If you are trying to get pregnant, you may want to use an ovulation kit to determine when you are your most fertile. Ovulation kits work by detecting a surge of luteinizing hormones (LH) in your urine. Although the LH is always present in your body, it will rise about 24 to 48 hours before ovulation. These kits are 99 percent accurate in detecting this LH surge, according to the American Pregnancy Association. This means you should have sexual intercourse with your partner whenever you receive a positive result from your kit.
Purchase an ovulation kit. Head to a drugstore to check out the ovulation kits for sale. According to BabyCenter.com, most kits will provide the same level of reliability, which means you should choose a brand that gives you the most tests for the cheapest price.
Read your ovulation kit's instructions. Although all of the kits will measure your LH levels, the instructions may vary from brand to brand. Some kits ask you to collect your urine in a cup; others ask you to urinate directly onto a test strip.
Determine what time of day you want to test your ovulation. Try to test your urine around the same time each day for the best results. In general, try to pick a time between 10 a.m. and 8 p.m.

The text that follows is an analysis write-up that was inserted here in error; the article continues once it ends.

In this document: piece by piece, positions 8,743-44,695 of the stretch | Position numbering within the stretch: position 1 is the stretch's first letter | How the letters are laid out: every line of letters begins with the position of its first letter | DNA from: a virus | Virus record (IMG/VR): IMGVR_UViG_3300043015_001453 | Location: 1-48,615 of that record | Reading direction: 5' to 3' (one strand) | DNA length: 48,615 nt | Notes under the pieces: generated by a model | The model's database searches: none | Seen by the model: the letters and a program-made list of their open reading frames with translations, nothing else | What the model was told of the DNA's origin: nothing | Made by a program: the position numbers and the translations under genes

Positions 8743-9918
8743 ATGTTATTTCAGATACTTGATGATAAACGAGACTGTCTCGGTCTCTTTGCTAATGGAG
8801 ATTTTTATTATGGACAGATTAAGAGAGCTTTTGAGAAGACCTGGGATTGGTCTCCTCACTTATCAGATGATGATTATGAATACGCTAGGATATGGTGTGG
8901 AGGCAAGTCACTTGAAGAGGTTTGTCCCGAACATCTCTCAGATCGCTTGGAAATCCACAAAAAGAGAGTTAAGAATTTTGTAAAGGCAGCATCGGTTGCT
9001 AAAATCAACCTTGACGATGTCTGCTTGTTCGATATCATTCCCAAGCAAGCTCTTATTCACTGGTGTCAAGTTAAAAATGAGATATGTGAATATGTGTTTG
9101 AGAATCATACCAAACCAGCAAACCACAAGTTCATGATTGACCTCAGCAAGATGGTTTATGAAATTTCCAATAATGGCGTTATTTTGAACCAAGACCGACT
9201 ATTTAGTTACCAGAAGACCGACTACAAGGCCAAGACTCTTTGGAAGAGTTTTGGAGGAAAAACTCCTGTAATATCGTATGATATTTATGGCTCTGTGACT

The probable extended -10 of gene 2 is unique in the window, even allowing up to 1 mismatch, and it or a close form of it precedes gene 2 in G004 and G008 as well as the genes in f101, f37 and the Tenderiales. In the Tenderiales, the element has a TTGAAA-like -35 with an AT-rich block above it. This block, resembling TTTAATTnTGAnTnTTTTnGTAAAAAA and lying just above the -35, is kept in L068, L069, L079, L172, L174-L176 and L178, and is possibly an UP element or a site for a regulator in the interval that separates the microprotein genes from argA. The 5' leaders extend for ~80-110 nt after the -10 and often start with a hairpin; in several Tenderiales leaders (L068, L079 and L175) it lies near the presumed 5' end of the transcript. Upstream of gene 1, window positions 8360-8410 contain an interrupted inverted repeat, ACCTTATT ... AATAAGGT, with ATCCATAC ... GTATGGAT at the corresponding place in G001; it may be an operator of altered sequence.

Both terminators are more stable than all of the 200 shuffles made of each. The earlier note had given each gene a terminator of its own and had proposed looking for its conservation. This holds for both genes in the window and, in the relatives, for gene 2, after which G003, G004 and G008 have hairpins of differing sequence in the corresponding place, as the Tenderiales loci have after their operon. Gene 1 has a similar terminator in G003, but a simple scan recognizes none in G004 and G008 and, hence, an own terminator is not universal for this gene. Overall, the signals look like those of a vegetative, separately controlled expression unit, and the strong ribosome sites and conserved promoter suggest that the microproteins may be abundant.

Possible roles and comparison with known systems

Prepare for your test. Two to four hours before you plan to take the test, reduce the amount of liquids you drink. Diluted urine can make it harder for the kit to measure your LH levels.
Take the test. Depending on your kit, either void directly onto the test strip or dip the strip into a container of your urine. If possible, avoid using your first morning void, which will be more concentrated and may skew the results.
Read your results. After about five minutes, you should be able to view your test results. In most kits, your results will appear as two colored lines. First, identify the control line (you may need to reread your kit's instructions). Second, look at the test line and see whether it's lighter or darker than the control line. If the test band is lighter than the control line, then your LH surge has not yet occurred. If the test band is the same color or darker than the control line, then your LH levels are surging.